re: How Can We Keep On A Tech Side VIEW POST

FULL DISCUSSION
 

From an objective standpoint, I think that there are a lot more points implied here than directly said, most of which walk a fine line.

Ultimately, I like the fact that you are tossing grievances out into the open. Its that kind of mindset that creates real change. Whining and whispering without coming out and saying anything is for sewing circles, IMHO.

What I'm hearing you suggest are legitimate changes that could benefit the whole community, blacklisting tags is a big one. Then there are others that there could very well be creative solutions for, but are not quite so obvious. Having a "censorship free" environment could, as you've said, scare off newcomers and could do more harm than good. However, perhaps having a switch in your profile that you could toggle similar to the "Show my PG only Memes" on some meme websites could be one way to go about it.

Personally, I love a good, no holds barred debate. But ultimately, as this is a relatively public space, there needs to be an air of respect on the "front page" of things because we are, after all, professionals and should behave as such.

This is not to say that, as professionals, we all need to blow off steam once in awhile using not-so-appropriate language and/or references. But, just like in real life, the spaces and audiences to whom we speak this way should ultimately, have the right to choose to be present. Perhaps needing to explicitly join a certain discussion, and being warned beforehand that some of the content may be "less than savory" could be another way. YouTube has done this for some time with the "Sign in to confirm your age" prompt.

Final thoughts would be to not leave the community. This site is barely in its infancy and will grow with time. With maturity comes wisdom and the ability to use it to accomplish your goals. Growing pains are a part of that, and the decisions you come to may not always be popular, but that's life. I'd stick around for a bit and continue to be respectfully vocal about what you don't like, as you've done here. I've been around for only a short time, but it seems that the people running this joint are really responsive to the community so, we'll see what happens.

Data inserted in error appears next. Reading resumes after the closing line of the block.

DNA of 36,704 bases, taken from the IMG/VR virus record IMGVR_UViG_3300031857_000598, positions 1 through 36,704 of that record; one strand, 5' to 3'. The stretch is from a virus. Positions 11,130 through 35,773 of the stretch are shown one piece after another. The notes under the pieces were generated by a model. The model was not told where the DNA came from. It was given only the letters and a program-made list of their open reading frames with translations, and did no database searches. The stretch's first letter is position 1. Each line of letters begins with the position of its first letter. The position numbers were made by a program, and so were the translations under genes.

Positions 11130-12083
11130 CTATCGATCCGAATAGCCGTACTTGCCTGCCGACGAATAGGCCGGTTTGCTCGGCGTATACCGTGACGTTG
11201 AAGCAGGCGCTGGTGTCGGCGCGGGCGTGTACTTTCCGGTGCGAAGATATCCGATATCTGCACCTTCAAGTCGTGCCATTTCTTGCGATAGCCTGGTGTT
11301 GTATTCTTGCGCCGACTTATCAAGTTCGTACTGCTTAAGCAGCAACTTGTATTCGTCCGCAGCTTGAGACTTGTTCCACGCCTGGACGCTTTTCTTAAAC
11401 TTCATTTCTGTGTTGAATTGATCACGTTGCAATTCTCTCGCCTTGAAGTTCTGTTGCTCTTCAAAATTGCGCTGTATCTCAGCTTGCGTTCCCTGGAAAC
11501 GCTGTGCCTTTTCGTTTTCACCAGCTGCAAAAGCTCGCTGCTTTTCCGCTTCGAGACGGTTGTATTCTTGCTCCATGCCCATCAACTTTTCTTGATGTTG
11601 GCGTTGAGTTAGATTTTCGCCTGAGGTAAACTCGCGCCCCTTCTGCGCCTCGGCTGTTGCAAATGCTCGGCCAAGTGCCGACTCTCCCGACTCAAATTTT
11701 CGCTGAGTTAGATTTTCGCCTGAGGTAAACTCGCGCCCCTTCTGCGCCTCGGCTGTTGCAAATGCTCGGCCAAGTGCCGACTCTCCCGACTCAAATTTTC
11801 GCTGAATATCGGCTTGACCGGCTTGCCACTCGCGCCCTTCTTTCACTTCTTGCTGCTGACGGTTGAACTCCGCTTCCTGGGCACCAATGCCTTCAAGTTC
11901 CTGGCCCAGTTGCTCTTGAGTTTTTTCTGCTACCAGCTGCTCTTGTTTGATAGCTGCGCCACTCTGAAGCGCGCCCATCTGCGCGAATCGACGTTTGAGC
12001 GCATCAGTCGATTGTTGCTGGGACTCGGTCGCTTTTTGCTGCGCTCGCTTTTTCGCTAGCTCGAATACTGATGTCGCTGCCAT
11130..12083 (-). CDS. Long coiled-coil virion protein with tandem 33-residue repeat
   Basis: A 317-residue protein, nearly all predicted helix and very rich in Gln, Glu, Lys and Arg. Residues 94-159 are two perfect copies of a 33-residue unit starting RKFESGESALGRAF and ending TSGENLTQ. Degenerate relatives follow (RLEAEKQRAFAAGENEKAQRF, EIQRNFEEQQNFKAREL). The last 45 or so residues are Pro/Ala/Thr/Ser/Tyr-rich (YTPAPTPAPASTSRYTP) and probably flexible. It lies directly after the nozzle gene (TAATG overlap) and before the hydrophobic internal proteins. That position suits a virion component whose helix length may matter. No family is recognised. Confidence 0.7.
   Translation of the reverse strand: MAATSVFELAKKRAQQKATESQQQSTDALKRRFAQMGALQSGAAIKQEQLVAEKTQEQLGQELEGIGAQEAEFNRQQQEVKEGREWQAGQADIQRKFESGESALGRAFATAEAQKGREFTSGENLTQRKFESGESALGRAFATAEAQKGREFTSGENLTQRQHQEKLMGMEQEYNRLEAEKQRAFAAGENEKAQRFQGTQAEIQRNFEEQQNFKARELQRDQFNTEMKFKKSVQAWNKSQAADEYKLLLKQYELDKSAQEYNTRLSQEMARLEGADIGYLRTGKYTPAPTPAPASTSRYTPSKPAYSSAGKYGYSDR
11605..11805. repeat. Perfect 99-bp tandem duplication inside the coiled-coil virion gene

This site is barely in its infancy and will grow with time. With maturity comes wisdom and the ability to use it to accomplish your goals. Growing pains are a part of that, and the decisions you come to may not always be popular, but that's life.

Thank you!

I think some of Aleksei's points are addressable platform concerns we share. Hard to say if we'll ever be his ideal community. But either way, this kind of project takes forever to reach meaningful product maturity, if ever. Sometimes I feel like we could go back to when nobody cared one way or another.

It's probably good that people care enough to make posts like this.

 

Hard to say if we'll ever be his ideal community.

That’s very easy to say: nope, never. But that fact has zero value.

The thing is I could not care less about myself. I am fine. I care about the community. I naïvely thought the word dev in the name still has both meaning and value.

I believe you do care about the community and I enjoy the content you post but Aleksei, let's be intellectually honest: you do also care about yourself, otherwise your post wouldn't be full of your personal opinions.

Even now you're talking about "the meaning and value of the word dev" like there's only one way to interpret such word or everyone here has the same experience and interests as you.

Personally I've changed my mind at least a couple of times about what we all do for work and passion on here :D The meaning of the word dev for me is not the same now that it was when I was in middle school or when I was super excited at my first job at a financial company.